Hurricane Sandy

Joan V.


           “There are boats in the street five blocks from the ocean.” Said Peter Sandoneno. I know if I had a boat in front of my house I be surprised. How would you feel if you saw a boat in front of your house?

         First the calm before the storm was much too calm, which should have been a clue. Forecasters had been talking about a potential Halloween hurricane—the Frankenstorm was its ­headline-ready name—for two weeks. They thought it might be bigger than the hurricane of 1938; its barometric pressure was already a few ticks lower. The twist about this one, endlessly dissected, was that it was actually going to be two storms: Sandy would head north and encounter another weather system coming down from the northeast, a bank shot that would send the storm directly at New Jersey and a surge straight into the harbor, which is a natural funnel—New York’s own perfect storm.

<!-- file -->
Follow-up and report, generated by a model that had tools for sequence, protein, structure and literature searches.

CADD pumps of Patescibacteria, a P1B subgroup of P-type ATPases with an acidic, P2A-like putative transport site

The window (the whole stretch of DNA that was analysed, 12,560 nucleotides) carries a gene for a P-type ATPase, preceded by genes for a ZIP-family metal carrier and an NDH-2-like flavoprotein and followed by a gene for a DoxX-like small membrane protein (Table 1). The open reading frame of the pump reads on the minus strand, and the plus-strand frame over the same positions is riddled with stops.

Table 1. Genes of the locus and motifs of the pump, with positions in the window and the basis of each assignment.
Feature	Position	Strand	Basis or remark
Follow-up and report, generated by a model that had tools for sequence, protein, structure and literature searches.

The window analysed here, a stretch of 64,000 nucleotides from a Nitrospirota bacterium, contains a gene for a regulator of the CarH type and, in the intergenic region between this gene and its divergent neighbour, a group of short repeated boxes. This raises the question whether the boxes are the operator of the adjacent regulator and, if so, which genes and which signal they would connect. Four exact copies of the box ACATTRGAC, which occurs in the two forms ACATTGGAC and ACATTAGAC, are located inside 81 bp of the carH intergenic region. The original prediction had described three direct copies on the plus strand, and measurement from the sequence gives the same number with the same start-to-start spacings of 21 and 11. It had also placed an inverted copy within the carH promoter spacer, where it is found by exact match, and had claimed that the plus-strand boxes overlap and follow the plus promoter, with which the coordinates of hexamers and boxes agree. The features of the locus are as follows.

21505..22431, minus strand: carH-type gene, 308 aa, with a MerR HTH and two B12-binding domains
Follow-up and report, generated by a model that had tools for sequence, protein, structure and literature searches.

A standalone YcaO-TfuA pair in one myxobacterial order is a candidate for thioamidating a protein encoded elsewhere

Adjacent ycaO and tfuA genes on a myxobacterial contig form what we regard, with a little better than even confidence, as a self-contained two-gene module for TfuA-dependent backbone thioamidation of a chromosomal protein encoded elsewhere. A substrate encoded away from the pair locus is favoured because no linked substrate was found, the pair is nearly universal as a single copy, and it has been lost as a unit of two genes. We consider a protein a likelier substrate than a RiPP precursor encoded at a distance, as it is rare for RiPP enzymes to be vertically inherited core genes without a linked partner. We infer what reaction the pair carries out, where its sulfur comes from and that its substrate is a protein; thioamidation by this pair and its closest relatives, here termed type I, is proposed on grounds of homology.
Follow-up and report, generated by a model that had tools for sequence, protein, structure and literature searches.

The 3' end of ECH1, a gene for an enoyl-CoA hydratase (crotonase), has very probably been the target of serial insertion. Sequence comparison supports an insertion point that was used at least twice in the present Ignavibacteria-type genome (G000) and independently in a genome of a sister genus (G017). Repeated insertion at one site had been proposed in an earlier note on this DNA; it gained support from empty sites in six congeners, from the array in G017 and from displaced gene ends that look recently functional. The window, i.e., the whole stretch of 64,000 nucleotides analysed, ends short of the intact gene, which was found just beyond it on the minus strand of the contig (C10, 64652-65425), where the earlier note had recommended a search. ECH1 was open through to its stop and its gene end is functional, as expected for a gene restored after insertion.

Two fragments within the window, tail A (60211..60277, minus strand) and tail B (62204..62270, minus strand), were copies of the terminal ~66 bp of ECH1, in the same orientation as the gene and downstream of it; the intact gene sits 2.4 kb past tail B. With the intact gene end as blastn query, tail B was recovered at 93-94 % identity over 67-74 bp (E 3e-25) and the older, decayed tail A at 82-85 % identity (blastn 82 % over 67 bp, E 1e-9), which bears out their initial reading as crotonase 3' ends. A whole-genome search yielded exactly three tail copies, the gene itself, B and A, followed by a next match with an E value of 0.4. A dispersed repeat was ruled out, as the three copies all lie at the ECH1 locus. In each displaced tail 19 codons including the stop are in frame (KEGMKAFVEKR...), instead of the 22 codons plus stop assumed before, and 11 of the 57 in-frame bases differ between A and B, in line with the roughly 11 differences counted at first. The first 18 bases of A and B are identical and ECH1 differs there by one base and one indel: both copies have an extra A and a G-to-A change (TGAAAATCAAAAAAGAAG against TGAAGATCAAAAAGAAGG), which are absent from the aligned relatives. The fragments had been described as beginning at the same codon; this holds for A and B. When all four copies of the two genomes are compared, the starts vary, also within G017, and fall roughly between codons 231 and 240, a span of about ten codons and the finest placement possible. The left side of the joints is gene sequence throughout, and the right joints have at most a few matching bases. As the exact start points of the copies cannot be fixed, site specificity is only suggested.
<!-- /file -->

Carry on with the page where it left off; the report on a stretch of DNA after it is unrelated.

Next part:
Then the subway was shut down early on Sunday night, more than 24 hours before expected landfall, and Mayor Bloomberg, a reborn weather alarmist after the 2010 blizzard, canceled school and told people to read a good book. Monday felt like Sunday on Seconal. For entertainment, we had breathless newscasters standing in puddles in their wet-weather gear, heralding the Storm of the Century that no one believed would really happen.  

          Finally then it started. It hit New York first out in the boroughs, a fourteen-foot surge pushing into the swampy lowlands of Staten Island, floating houses off their foundations, flooding people’s cars before they realized they were in danger. At Breezy Point, a fire had started at seven with the tide rising. In Red Hook, the water had crested the bank that afternoon, making no exceptions, swamping the housing projects and the Fairway and the artisans’ studios with six feet of water.